Editor’s note: Mary Jane Koren, MD, MPH, is providing program consulting to The John A. Hartford Foundation, after retiring in 2013 as Vice President of Delivery System Reform at the Commonwealth Fund.

My mother recently celebrated her 100th birthday, a milestone event which caused me to reflect on the The John A. Hartford Foundation’s vision of creating a social movement to make high-quality, humane care the norm for older adults. As a geriatrician, state policymaker, and in my role at The Commonwealth Fund, I’ve had many years of professional experience that directly relate to The John A. Hartford Foundation’s three priority areas: the creation of an age-friendly health system, support for family caregivers, and improved care for older adults with serious illness or at the end of life.

But my personal experience also shows why these three priority areas are vital to people like my mother, as well as me—one of the more than 18 million family caregivers of older adults in this country. My mother’s story illustrates both the importance of these priorities and their interconnectedness.

First, you need to know that my mother has refused a hearing aid despite her considerable difficulty hearing. Communication between herself and her primary care providers is, to say the least, challenging. To track the progression of her mild-moderate Alzheimer’s Disease, she is tested with a typical mental status test at each of her visits. Each year, her scores have trended downward.

At one recent visit, however, we brought with us a small, inexpensive device that amplifies sound (cost: about $30) and a set of cheap headphones (about $20), which enabled her to clearly hear the questions on the mental status test. To everyone’s surprise, her score showed a 10 percent improvement over what it had been a year earlier when she was screened without the amplifier.

Shouldn’t facilities that care for older adults, 50 percent of whom have problems hearing by the time they are 75, routinely have a way to amplify sound so patients can hear what’s being said? For patients and their caregivers, age-friendliness is manifested in the details.

This same example of a low-cost, low-tech intervention that has the capacity to make the health care delivery system even that tiny bit more age-friendly also has implications for another of The John A. Hartford Foundation’s priorities: to improve care for those with serious illness and at the end of life.

We often think of those at the end of life as being in dire straits from end-stage diseases, but the reality is far different. My mother, for example, enjoys excellent health and still goes to the gym every day. For older adults still in good health, now is the time to plan for the inevitable. Yet, until my mother could hear what her primary care providers were saying and we could talk to her without shouting, she was unable to have a meaningful discussion about her wishes for care even as she is, literally, approaching the end of her life.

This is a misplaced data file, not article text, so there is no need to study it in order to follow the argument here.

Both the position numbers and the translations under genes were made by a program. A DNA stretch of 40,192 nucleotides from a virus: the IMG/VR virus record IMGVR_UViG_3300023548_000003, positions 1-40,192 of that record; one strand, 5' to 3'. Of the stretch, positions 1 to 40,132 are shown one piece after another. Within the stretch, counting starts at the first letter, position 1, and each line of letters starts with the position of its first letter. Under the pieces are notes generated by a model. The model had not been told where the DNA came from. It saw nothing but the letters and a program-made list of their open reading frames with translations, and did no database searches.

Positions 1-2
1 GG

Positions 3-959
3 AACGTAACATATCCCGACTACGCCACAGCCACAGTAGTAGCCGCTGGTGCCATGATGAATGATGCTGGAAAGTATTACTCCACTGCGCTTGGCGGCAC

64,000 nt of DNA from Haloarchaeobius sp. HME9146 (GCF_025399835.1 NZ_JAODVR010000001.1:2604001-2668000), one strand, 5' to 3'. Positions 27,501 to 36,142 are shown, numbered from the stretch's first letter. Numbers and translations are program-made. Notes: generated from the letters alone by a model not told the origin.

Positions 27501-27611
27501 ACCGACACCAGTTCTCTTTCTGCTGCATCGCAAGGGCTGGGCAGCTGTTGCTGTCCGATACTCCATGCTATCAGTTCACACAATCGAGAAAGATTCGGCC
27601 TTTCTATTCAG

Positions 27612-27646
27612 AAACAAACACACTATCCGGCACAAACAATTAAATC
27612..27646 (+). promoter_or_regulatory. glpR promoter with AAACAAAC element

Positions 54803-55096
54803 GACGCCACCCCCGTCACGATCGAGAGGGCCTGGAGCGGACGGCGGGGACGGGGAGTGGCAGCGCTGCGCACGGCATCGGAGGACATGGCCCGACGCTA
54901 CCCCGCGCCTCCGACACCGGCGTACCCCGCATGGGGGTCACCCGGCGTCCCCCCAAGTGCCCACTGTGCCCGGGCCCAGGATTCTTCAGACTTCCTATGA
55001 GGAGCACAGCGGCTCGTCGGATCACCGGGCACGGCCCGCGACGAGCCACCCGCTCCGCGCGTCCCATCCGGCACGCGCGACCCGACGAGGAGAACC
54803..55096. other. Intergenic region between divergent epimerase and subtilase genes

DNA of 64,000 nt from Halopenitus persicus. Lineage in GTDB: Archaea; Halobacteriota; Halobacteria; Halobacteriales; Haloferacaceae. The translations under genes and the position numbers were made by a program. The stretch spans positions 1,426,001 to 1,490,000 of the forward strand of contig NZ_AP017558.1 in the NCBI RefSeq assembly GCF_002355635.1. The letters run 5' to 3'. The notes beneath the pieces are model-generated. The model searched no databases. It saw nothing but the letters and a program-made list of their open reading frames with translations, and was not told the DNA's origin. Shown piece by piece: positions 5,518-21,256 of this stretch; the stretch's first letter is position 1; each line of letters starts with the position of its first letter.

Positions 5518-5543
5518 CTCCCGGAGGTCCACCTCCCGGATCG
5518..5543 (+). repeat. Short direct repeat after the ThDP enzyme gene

Now, thanks to the simple listening device, my mother has been able to engage in a conversation with her primary care provider and myself, designate a health care proxy, and sign a POLST form. That means the chances that her wishes for care will be honored have improved significantly. Her doctor knows how aggressive she wants him to be and can be responsive to, and respectful of, her preferences.

Recognizing the critical role that family caregivers play, The John A. Hartford Foundation is committed to transforming the delivery system to meet the needs of people who, like myself, are caring for someone. All too often, families are unaware of what’s important to a relative or what their choices would be, forcing them to make difficult decisions at a time of crisis, but in an informational vacuum. Again, the device that allowed my mother to understand and communicate her care wishes has also helped me, as her caregiver, by providing clarity, in written form, of her preferences, which relieves me of the burden of uncertainty.

Creating an age-friendly health system may appear to be an overwhelming task, given the sheer number of health care providers in the U.S. and the incredible complexity of the health care delivery system. Nevertheless, the old adage that the best way to eat an elephant is one bite at a time applies to health system change.

Rather than trying to do everything at once, there are innumerable small actions that can be taken that start to make care better for older adults. Taking one bite at a time will ensure that the care people receive when seriously ill or near the end of their lives reflects their values and addresses their concerns, while also easing the anxiety and stress on caregivers so they can embrace their role.